By Chaplain (Col) Stephen W. Leonard, USA, Ret.

“And she gave birth to her first born Son and wrapped Him in swaddling cloths and laid Him in a manger, because there was no room for them in the inn.” Luke 2:7

The simple Christmas story from the Gospel historian, Dr. Luke, is either believed, ignored, or doubted. Those who doubt throw many skeptical barbs as to why the story is merely fanciful fiction. Yet why, all over the world (even Turkey (Muslim) and Thailand (Buddhist)) for many centuries, do nativity scenes appear during the Advent season? Millions of miniature creches are sold today in stores in cities and towns in so many nations. It may be doubted by some and ignored by others, but there is much of humanity who believes what happened at Bethlehem 2000 years ago. Jesus was born.

Skeptics throw many doubting arrows at the simply told story. Not the least being the virgin birth of Christ. And the visit of the shepherds. Or the visit of the Magi. And what about the slaughter of the 2 years old, and less infant boys? Or even if the entire Nativity story is a myth.

The Bible’s story of the first Christmas is very concisely expressed. No verbosity here whatsoever. Perhaps it is why the Lukan narrative is so easily memorized. No involved explanation of why Mary even went with Joseph on this trip at a time when she was so ready to give birth. And when there was no humanly prepared place to give birth if and when the Baby began to come. There were so many unknowns. Didn’t they really know many others had come to Bethlehem also for reasons of taxation in their hometown? Places of accommodation would therefore be in short supply.

The story is simply told with no complicated explanations, though you certainly could expect them. Only what the Holy Spirit determined was absolutely pertinent is told. Perhaps factors that would bother you and me did not worry or even enter Joseph’s and Mary’s minds. They had the sure evidence of angels speaking to them, guiding them. Do you not think they believed God was in the mix, God would provide the particulars? If there was no room in the Inn, God would direct them to the very place He wanted His Son to be delivered.

The beginning of Mary’s labor most likely caught Joseph and Mary off guard. Not God. They must have thought they had more time. The Inn could not accommodate them for a birth. The innkeeper referred a stable. Most likely, the stable was a cave quite near the Inn. God actually planned for His Son to be born there. And so He was.

The animals warmed up the enclosure. The hay provided soft bedding. The manger used for a crib. The swaddling strips of cloth meant for Passover lambs for the Temple provided baby clothes for the Infant. Mary provided milk and nurture. Joseph provided protection. All that was needed, God provided through all the means at his disposal.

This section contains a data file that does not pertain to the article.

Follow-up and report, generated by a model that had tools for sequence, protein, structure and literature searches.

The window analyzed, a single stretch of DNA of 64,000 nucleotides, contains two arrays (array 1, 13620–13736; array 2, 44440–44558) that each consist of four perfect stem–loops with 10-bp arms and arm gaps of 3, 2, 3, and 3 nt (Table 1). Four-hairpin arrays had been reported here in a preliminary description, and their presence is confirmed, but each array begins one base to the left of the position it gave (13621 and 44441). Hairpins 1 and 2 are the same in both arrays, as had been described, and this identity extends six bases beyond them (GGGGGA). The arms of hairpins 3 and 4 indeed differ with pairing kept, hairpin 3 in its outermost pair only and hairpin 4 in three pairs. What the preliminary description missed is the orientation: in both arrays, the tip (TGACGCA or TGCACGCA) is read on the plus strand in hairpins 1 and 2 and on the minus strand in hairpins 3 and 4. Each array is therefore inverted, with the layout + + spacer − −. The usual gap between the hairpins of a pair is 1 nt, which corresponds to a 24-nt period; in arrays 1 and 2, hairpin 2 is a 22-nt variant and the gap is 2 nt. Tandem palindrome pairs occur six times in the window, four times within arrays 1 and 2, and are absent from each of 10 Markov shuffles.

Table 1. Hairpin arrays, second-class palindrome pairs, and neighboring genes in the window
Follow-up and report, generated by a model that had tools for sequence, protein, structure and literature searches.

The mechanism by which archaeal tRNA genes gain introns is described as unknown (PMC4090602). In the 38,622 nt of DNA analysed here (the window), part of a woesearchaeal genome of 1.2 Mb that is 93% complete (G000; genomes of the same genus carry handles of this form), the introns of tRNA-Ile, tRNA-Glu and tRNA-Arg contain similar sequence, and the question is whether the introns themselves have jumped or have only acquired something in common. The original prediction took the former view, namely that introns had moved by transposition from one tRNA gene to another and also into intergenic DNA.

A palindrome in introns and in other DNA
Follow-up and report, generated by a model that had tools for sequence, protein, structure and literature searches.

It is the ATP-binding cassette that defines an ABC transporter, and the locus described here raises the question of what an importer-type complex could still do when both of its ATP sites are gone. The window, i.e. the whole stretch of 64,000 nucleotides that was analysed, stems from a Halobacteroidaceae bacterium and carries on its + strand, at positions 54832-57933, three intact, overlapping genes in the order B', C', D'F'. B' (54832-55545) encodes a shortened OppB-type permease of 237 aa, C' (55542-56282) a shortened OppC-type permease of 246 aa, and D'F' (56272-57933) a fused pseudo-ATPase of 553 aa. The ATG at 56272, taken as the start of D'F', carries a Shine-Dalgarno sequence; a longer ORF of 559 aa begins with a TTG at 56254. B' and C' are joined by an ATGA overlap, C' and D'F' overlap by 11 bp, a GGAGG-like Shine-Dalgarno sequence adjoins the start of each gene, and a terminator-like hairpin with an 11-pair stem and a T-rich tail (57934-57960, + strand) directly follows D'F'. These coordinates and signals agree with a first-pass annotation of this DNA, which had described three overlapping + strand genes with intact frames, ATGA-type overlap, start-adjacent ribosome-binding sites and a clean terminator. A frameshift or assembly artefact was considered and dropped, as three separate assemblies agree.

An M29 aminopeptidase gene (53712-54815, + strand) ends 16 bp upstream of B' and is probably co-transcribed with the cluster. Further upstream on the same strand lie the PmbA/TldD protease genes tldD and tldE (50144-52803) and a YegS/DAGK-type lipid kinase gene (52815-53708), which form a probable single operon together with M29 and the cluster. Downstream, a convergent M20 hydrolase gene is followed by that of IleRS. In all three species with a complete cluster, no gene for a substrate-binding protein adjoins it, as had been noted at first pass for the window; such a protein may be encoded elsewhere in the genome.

That the Inn had no room was not a problem to God, but rather the perfect plan. The stable was not only sufficient; it was the chosen-by-God-place of delivery. It was certainly unique to the birth of a King. The animal observers were creation’s best witnesses. And the shepherds were the first worshipers, along with the happy parents. 

So the no-room-at-the-inn participants brought Jesus into humanity’s world from the courts of heaven to a lowly animal stable. This was called by Philippians 2 “emptying himself” and “taking the form of a servant” that he might “be born in the likeness of man.” But he was also “without sin,” the very reason for the virgin birth, in that original sin would not be passed on to Jesus through Joseph, His presumed-by-the-world father. Rather, God Himself, in the person of the Trinity’s Holy Spirit, was “Father” with Mary, His mother, in bringing forth Jesus, the long-promised Messiah and the sinless, perfect Lamb of God.

Though born at Bethlehem 21 centuries ago, He is your Messiah, the anointed, the long-promised One, your Savior. Though He died on a cross so long ago, He personally bore your sin, and died for your atonement. Your pardon by God is due to Jesus being your personal substitute! Your King is coming again to take you to Himself. You are assured by His own Word that you will be with Him forever. Hallelujah! No room at the inn is neither your problem nor God’s.


“Away in a manger, no crib for a bed,

The little Lord Jesus, lay down His sweet head,

The stars in the sky look down where He lay,

The little Lord Jesus, asleep on the hay.”

(1st verse of what has been called Luther’s Cradle Hymn, author unknown, “Away In a Manger, 1883)

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